As AI assumes more and more previously human tasks, ethicists, futurists, and legal minds are getting apoplectic, scurrying to get out ahead of the issues.
You’re autonomously driving down the road in your future car and hit someone. Is it your fault? A faulty car part? A bad program developer? Or a faulty AI algorithm? Or say a physician assisted by AI makes a fatal mistake in a diagnosis because of errors in an AI-generated database. Perhaps an AI-generated message hurts a vulnerable teen so deeply it leads to suicide. These are not purely hypothetical examples. Risks such as these are coming closer to reality by the day. AI is already everywhere–quietly working to see if you qualify for a home loan, if you’ve cheated on an exam, of if you’re the right candidate for a job. It’s even helping lawmakers, drafting contracts and suggesting sentencing to judges, based on massive databases of case law.
As AI assumes more and more previously human tasks, ethicists, futurists, and legal minds are getting apoplectic, scurrying to get out ahead of the issues. In real life, the Bill of Rights, the first ten amendments to the U.S. Constitution, ratified in 1791, was created to broadly guarantee such rights as the freedoms of speech, assembly, and worship.
In the U.S., we now have the AI equivalent, kinda/sorta. The Biden Administration recently released what it’s calling “A Blueprint for an AI Bill of Rights”. Think of it as a framework that points out areas where we’re most likely to get ourselves in AI pickles. It identifies where we may experience algorithmic harms — for example financial services, health care provisioning, hiring, and more.
In contrast to the good old Bill of Rights created 200+ years ago by lawmakers, this AI Bill of Rights was developed by the White House Office of Science and Technology Policy (OSTP) with input from companies including Microsoft and Palantir as well as AI auditing startups, human rights groups, and the general public.
Critics say “there is no bite behind the bark”. But this “Bill of Rights” is simply a framework of principles to guide our fast-moving transformation to an AI-assisted society. Most critics focused on what was missing. They said the blueprint gives short shrift to important issues like social media, communications and personal identification, and critical infrastructure. It doesn’t mention, for example, law enforcement, one of the more contentious areas where use of AI is fraught. Facial recognition, to name one technology, has already led to wrongful arrests.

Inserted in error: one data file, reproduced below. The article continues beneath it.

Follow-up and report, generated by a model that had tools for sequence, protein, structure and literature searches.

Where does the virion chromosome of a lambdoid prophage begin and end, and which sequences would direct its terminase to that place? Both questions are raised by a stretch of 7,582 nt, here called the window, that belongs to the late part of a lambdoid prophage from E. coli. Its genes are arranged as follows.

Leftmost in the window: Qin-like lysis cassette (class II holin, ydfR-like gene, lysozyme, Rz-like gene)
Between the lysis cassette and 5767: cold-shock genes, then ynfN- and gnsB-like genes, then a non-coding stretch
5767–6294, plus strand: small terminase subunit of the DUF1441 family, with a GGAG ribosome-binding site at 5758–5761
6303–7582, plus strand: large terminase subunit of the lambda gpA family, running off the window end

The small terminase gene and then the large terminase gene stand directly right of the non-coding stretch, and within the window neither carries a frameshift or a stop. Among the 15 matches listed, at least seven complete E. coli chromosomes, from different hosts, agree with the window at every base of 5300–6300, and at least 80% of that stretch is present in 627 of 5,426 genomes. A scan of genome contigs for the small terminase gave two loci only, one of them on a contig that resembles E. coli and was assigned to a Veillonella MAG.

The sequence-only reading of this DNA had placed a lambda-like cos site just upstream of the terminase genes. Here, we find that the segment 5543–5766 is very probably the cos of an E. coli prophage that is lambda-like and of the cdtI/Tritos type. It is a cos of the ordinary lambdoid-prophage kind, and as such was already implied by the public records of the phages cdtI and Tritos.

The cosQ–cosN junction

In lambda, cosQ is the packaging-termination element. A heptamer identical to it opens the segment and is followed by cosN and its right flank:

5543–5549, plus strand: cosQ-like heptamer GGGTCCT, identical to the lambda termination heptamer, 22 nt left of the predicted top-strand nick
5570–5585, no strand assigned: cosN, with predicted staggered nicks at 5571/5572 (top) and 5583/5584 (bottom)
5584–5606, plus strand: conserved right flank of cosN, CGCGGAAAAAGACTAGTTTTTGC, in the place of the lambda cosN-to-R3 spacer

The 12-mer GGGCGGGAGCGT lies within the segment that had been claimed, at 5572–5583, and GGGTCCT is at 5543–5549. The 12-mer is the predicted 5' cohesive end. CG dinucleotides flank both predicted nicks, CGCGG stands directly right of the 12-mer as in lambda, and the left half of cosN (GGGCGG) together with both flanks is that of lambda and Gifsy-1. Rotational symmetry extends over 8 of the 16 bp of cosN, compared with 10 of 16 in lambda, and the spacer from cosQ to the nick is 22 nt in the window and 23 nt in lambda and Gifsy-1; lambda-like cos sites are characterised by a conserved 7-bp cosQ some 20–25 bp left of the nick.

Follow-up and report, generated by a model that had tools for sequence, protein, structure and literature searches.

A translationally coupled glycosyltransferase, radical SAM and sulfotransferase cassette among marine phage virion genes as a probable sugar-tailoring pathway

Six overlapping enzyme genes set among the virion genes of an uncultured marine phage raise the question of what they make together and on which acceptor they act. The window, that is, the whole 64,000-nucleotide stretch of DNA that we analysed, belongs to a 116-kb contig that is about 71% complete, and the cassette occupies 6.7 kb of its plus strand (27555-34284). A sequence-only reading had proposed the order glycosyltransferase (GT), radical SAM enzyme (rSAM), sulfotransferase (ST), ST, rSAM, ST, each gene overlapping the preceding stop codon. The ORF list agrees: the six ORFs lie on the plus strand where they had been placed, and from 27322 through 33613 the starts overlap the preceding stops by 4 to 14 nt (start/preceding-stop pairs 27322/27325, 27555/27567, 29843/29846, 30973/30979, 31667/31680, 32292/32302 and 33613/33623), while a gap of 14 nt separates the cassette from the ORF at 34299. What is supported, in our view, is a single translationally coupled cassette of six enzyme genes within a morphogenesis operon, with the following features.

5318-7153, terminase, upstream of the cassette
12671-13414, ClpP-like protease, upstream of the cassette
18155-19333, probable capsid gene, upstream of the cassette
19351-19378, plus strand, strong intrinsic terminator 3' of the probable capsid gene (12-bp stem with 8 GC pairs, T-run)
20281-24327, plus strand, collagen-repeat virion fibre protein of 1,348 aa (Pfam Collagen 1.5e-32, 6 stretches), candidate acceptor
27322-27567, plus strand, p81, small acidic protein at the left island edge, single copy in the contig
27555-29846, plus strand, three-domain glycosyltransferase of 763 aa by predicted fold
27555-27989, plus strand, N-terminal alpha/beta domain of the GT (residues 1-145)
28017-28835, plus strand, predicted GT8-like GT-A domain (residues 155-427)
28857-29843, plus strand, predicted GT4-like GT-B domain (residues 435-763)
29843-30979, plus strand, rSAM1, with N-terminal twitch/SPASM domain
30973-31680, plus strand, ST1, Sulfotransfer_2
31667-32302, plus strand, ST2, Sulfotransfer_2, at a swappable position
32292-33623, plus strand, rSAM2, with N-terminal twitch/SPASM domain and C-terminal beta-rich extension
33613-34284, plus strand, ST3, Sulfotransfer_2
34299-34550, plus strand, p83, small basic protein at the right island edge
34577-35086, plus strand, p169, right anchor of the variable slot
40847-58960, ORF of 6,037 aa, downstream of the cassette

The harshest critics have called the AI Bill of Rights “toothless”, saying it’s little more than a broad white paper. Some say Europe has taken a more precise and detailed approach to identify areas where AI may cause harm, and that the U.S. is late to the party. “Go easy,” OSTP Deputy Director Dr. Alondra Nelson told Wired in response to the criticism. “We too understand that principles aren’t sufficient. This is really just a down payment. It’s just the beginning and the start.” And it’s true—this is way more than we had before. The Biden Administration is making a good faith effort to set necessary processes in motion.
Like the Bill of Rights we know, the framework for this AI version is actually simple yet profound. It provides AI companies with a set of instructive principles, even though they are non-binding and unenforceable. The OSTP is not a lawmaking body, and is powerless, for now, to oversee how tech companies abide by the framework. It’s likely that the principles will be applied to government agencies first and that, we hope, the tech industry feels some pressure to pay attention. Tech leaders like Microsoft President Brad Smith have already acknowledged their need to address such matters. (His 2019 book Tools and Weapons: The Promise and the Peril of the Digital Age is a welcome contrast to much tech industry insouciance.)
The Bill of AI Rights outlines 5 basic principles:
- Keep it Safe: This is more than an obligatory “do no harm” clause. It goes further because it says that AI algorithms should be designed, tested and approved by diverse communities of stakeholders.
- Notification and Explanation: you have the right to know who you’re talking to–AI or human–just like when you watch sponsored content.
- Data Privacy: You should be protected from abusive data practices via built-in protections, and you should have some control over your data and the meta-data about how your data is used. The framework calls for simplicity and clarity in informing people.
- Discrimination: That bias is often built into algorithms has been well documented. Just about any group working on AI ethics calls addressing that risk essential.
- Human Alternatives: The last principle caused us a bit of a chuckle. It says a person has the right to talk to a human if they disagree with an AI’s decision. As we’ve learned from years of tech support frustrations — good luck with that one.
Lawfare’s blog reiterates that these principles will most likely be addressed by government agencies first. But it agrees this is a clarion call to the burgeoning AI economy that regulation and oversight is clearly on it’s way.
Artificial intelligence and machine learning are like chef’s knives. They are morally neutral. In skilled and well-intentioned hands, society could use them for all kinds of valuable purposes. The Biden Administration and OSTP deserve credit for starting a necessary process to help improve the possibility that AI does not lead us into a dystopia of machine control and manipulation.